Viazul is the official tourist bus company in Cuba. Their schedules are on their website, but you’ll have to book well in advance. Price example: 20 dollars  per person for the trip Varadero – Trinidad.When we were in Varadero we only stayed one night and wanted to go to Trinidad the next day. We hadn’t booked bus tickets in advance. So we asked our hotel concierge for help. He told us what we already knew: The bus is fully booked. He suggested to go to the Viazul station at least 2 hours ahead of the scheduled bus time to secure ourselves a waiting list spot. We did just that and got up at 5:30am to be at the station early enough. But once we arrived there we found another solution:
  • Taxi Colectivo:
    This is our preferred method of transportation to travel Cuba – shared taxis. At most bus stations, there will be local taxi drivers picking up guests. They’ll just wait in front of the building to find riders. Price example: 40 dollars per person for the trip Varadero – Trinidad. The advantage of this: While the bus stops in countless cities and takes up to 7 hours for this trip, the taxi only takes 3,5 hours. We were ok with paying double the price for this comfort. (Later we found out our co-riders only paid 30 dollars, because one of them spoke Spanish. This makes negotiations easier.) The disadvantage: The taxis only go if they are fully booked – so 4 passengers per car. We had to wait for two others to join us for the ride, but got lucky after only 10 minutes.
  • Hotel shuttle busses (Transtour):
    A lot of hotels offer shuttle busses between different destinations. We booked this method of transportation to get back to Havana from Trinidad. Price example: 27 dollars per person for the trip Trinidad – Havana.The advantage: You can book it directly in the hotel (in Havana for example) or at a local bus desk. Also: This bus picks you up directly in front of the hotel and brings you to the doorstep of your next hotel. The disadvantage: It does the same for all other passengers – which means countless stops and long travel times.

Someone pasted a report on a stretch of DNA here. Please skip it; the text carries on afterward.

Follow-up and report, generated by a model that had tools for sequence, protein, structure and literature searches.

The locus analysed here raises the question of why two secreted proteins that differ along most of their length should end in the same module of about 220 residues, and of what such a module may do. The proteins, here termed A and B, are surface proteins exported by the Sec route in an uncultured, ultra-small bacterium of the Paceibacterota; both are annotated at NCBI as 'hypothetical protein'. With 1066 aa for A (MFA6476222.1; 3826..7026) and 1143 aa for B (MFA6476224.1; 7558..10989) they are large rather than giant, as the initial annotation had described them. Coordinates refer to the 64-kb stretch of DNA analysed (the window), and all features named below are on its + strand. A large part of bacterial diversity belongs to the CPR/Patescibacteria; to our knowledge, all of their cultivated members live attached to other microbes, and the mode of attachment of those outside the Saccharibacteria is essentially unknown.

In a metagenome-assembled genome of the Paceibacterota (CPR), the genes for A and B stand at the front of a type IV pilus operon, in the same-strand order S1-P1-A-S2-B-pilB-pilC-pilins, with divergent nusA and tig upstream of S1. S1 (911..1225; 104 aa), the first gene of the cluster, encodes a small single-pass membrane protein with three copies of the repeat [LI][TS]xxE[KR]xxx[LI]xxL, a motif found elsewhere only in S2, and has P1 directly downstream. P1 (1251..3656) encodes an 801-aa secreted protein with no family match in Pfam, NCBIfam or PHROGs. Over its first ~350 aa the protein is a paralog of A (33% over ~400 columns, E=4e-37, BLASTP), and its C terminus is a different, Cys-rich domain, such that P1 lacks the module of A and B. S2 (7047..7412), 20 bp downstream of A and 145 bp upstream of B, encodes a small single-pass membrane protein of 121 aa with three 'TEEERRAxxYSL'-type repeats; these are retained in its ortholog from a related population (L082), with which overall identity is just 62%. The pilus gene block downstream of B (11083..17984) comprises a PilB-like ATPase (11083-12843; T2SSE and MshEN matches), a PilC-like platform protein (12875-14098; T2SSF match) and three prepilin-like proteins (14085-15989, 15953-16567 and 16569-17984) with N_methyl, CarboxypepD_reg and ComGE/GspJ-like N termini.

• Rental car:
    You can rent a car to travel Cuba. But: Rental cars are quite expensive. We wanted to rent a car for 3 days and it would’ve cost us 400 dollars (gas excluded).  At the bigger hotels they have rental car desks, but with limited availabilities (and the same crazy prices). Therefore we didn’t rent a car. Maybe that was a good idea in the end, because the roads aren’t in great condition and navigation might have been another problem.

A Colectivo at the bus terminal in Havana Cuba

This is a colectivo waiting for guests in front of a bus terminal

Riding a Colectivo in Cuba

On our way in a Colectivo in Cuba (and yes, it rained that day!) 🙂

Question: How can I find Wifi / Internet?

👁‍🗨 Answer:
Internet is probably the scarcest resource in Cuba today. Don’t expect restaurants to offer it, don’t expect hotels to offer it (at least not for free), don’t expect it to always work. Here’s what we experienced:

  • Havana:
    Our hotel Iberostar Parque Central offered complimentary wifi in the lobby (at least for guests in Suites). You’ll get scratch cards worth 5 hours of surfing at the business center. With the username and password you’ll be able to login and surf with decent speed. We used a couple of these cards during our stay 😉 If you finish a card you’ll just go get a new one. And: we got lucky! The wifi also worked in our room in the 5th floor.
  • Varadero:
    Our hotel Iberostar Varadero offered wifi cards for sale. 1 hour costs 1,50 dollars. There was no connection in our room or in the restaurant. So we had to work in the lobby. It’s the same cards as in Havana. If we had known this we would’ve brought an additional card from Havana 😉
  • Trinidad:
    Our hotel Iberostar Trinidad offered wifi cards for sale. 1 hour costs 1,50 dollars. Here we only had connection in the lobby bar, which is therefore a very well visited place – also for non-hotel guests. It’s the same scratch cards again, so our tip is to stock up on cards in Havana when they’re complimentary!

We never managed to find any other good wifi. There is free wifi in some parks or public places in Havana, but it really didn’t work for us – but maybe we just didn’t get lucky.

Suite at the 5th floor of Iberostar Parque Central Havana

The Iberostar Parque Central is the clear winner in the wifi category

These were the main questions we asked ourselves before our trip to Cuba. We hope this helps you sort out some of the questions you had about traveling to Cuba!

If you want to check our travel guide for Havana click here: